Recent research on the Chesapeake Bay impact structure, Impact debris and reworked ejecta
Published:January 01, 2005
J. Wright Horton, Jr., John N. Aleinikoff, Michael J. Kunk, Gregory S. Gohn, Lucy E. Edwards, Jean M. Self-Trail, David S. Powars, Glen A. Izett, 2005. "Recent research on the Chesapeake Bay impact structure, Impact debris and reworked ejecta", Large Meteorite Impacts III, Thomas Kenkmann, Friedrich Hörz, Alex Deutsch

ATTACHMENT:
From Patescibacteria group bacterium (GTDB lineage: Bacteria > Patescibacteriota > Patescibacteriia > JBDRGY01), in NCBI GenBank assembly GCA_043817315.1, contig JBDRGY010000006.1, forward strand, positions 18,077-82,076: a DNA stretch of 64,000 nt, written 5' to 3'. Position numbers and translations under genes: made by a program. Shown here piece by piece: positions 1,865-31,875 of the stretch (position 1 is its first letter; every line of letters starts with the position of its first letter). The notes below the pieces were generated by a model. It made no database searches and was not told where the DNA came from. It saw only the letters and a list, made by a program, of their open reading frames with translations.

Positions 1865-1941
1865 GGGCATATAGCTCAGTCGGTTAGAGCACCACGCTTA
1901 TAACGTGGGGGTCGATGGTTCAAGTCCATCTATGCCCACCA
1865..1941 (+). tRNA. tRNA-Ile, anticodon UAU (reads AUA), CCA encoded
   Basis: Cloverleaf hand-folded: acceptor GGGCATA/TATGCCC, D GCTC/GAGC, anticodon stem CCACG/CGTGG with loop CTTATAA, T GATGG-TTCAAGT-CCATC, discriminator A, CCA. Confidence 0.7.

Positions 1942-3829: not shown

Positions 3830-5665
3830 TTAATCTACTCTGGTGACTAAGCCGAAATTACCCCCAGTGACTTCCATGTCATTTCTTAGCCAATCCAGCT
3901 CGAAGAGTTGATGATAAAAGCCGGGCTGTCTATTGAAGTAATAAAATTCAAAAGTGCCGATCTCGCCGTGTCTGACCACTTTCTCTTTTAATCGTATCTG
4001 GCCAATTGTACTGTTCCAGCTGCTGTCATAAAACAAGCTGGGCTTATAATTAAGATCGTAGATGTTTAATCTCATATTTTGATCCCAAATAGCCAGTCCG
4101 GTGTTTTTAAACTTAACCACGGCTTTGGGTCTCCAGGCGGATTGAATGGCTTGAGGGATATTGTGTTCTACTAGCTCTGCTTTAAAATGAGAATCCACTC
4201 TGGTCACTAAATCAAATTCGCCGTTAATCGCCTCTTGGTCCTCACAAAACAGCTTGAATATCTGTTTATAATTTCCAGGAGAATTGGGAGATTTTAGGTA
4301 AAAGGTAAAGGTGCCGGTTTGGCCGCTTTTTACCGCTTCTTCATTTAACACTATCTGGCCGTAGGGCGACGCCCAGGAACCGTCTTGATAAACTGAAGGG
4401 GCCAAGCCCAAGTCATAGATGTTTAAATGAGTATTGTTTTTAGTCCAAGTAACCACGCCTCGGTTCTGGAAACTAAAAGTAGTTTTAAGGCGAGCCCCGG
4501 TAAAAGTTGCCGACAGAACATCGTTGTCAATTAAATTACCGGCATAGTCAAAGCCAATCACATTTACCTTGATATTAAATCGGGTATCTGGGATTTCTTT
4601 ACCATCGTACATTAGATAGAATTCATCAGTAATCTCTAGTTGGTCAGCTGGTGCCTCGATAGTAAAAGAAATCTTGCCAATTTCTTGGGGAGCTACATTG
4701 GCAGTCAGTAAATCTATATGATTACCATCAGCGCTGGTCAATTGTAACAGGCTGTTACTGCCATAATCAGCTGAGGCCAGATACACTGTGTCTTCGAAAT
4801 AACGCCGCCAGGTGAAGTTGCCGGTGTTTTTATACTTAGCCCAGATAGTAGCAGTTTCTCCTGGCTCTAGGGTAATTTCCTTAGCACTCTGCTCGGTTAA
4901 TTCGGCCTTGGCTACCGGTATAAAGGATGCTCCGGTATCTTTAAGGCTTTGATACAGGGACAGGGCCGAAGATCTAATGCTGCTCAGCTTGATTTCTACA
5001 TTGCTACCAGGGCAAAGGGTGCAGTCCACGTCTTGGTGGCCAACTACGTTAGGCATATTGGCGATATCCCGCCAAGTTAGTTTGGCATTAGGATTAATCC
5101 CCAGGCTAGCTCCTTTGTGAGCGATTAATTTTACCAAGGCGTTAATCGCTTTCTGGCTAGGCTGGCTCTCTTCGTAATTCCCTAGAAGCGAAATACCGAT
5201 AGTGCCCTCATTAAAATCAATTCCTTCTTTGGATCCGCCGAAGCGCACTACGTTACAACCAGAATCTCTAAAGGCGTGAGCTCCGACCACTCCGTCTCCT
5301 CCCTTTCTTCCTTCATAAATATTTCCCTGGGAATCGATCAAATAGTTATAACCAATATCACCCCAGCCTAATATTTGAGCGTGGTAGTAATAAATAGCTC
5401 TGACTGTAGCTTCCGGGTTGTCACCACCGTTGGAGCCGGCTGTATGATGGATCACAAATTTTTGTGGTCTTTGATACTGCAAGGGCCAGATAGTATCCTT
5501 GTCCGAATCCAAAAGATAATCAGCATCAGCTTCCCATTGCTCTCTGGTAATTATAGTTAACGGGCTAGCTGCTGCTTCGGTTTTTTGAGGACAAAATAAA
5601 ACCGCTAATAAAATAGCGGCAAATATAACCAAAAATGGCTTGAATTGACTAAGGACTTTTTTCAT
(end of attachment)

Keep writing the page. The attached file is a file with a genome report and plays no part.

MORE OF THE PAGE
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Four new coreholes in the western annular trough of the buried, late Eocene Chesapeake Bay impact structure provide samples of shocked minerals, cataclastic rocks, possible impact melt, mixed sediments, and damaged microfossils. Parautochthonous Cretaceous sediments show an upward increase in collapse, sand fluidization, and mixed sediment injections. These impact-modified sediments are scoured and covered by the upper Eocene Exmore beds, which consist of highly mixed Cretaceous to Eocene sediment clasts and minor crystalline-rock clasts in a muddy quartz-glauconite sand matrix. The Exmore beds are interpreted as seawater-resurge debris flows. Shocked quartz is found as sparse grains and in rock fragments at all four sites in the Exmore, where these fallback remnants are mixed into the resurge deposit. Crystalline-rock clasts that exhibit shocked quartz or cataclastic fabrics include felsites, granitoids, and other plutonic rocks. Felsite from a monomict cataclasite boulder has a sensitive high-resolution ion microprobe U-Pb zircon age of 613 ± 4 Ma. Leucogranite from a polymict cataclasite boulder has a similar Neoproterozoic age based on muscovite 40Ar/39Ar data. Potassium-feldspar 40Ar/39Ar ages from this leucogranite show cooling through closure (∼150 °C) at ca. 261 Ma without discernible impact heating. Spherulitic felsite is under investigation as a possible impact melt. Types of crystalline clasts, and exotic sediment clasts and grains, in the Exmore vary according to location, which suggests different provenances across the structure. Fractured calcareous nannofossils and fused, bubbled, and curled dinoflagellate cysts coexist with shocked quartz in the Exmore, and this damage may record conditions of heat, pressure, and abrasion due to impact in a shallow-marine environment.